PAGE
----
To End All Wars (2001)
Ciarán McMenamin: Capt. Ernest 'Ernie' Gordon
Ernest Gordon : Lt. Jim Reardon, Merchant Marine, one of the few Americans in the area, attached himself to the Argyles during the Allied surrender. We called him "Yanker," because he was an American - and a bit of a wanker.
Ernest Gordon : What is the consequence of a single life weighing less than a feather? What is the final destination of hatred? When you look in the eyes of the enemy and you see yourself. At what price mercy? Who is my neighbor? How many times shall I forgive my brother? What does it mean to love ones enemies? What can a man give in exchange for ones soul? These are the questions that I faced in my prison camp; the answers changed my life forever.
Ernest Gordon : When you surrender in war, you're stripped of your dignity as a soldier. And all you've got left is your fellow comrades, many of whom you've just met.
Dr. Coates : [to a freshly-beaten Gordon] Ah. Looks like you didn't bow. Always bow before a guard, Korean or Jap. And *never* look 'em in the eyes when they pass you: that's pure defiance. Always look away. Rules of Bushido.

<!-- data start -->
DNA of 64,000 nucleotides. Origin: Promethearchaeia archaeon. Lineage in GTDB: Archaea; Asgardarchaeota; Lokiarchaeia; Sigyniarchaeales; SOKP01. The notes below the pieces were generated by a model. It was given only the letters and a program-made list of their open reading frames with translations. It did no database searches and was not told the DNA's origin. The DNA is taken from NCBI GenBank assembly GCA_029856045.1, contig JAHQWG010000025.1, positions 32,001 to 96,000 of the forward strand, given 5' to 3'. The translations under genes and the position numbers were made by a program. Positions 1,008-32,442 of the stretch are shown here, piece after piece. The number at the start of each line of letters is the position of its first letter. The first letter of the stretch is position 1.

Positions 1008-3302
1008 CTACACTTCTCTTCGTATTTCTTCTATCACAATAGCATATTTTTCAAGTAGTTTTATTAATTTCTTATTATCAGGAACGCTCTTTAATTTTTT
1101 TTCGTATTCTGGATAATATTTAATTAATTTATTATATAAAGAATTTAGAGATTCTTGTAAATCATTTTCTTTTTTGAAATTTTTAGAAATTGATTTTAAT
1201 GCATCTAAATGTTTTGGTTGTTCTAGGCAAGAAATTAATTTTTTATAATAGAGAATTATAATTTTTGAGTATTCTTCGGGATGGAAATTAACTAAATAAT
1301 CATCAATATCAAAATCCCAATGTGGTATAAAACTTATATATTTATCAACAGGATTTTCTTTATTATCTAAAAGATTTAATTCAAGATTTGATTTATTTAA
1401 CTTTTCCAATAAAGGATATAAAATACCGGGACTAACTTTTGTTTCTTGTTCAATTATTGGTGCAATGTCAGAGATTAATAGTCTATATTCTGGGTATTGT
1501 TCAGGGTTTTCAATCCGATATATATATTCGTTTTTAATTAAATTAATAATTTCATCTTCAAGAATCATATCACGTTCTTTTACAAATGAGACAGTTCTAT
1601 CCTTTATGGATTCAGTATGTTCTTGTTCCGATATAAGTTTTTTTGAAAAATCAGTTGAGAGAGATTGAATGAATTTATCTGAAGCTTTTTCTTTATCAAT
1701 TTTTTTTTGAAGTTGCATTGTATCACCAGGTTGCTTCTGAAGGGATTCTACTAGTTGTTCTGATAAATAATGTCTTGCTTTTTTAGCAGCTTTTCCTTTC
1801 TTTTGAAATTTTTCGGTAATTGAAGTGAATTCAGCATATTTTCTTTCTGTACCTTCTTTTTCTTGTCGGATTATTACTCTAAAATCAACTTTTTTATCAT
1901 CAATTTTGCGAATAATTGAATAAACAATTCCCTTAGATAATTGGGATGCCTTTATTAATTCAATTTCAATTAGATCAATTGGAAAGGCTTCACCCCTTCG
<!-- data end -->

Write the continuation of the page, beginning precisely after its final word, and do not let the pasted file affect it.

Lt. Jim Reardon : Bushido?
Dr. Coates : Yeah. Their kind of chivalry. Respect and obligation. If you don't respect them, they feel obligated to beat you. Nothing personal.
Ernest Gordon : Well, it sure as bloody hell feels personal.
Dr. Coates : Yeah, well, it works both ways. They do the same to their own.
Lt. Jim Reardon : Now there's a comfort.
Ernest Gordon : How I miss Scotland and the sea. The sea. There's nothing like it in all the earth. Salt in your face, the wind at your back, and all the world before you, and you're freer than a bird in the air or a fish in the ocean. To be free - I reckon that's why I joined the second war to end all wars. I was at the university studying to be a teacher when the call to arms occurred. I was only too eager to put aside my studies for the glory of action. I stopped reading history and became a part of it.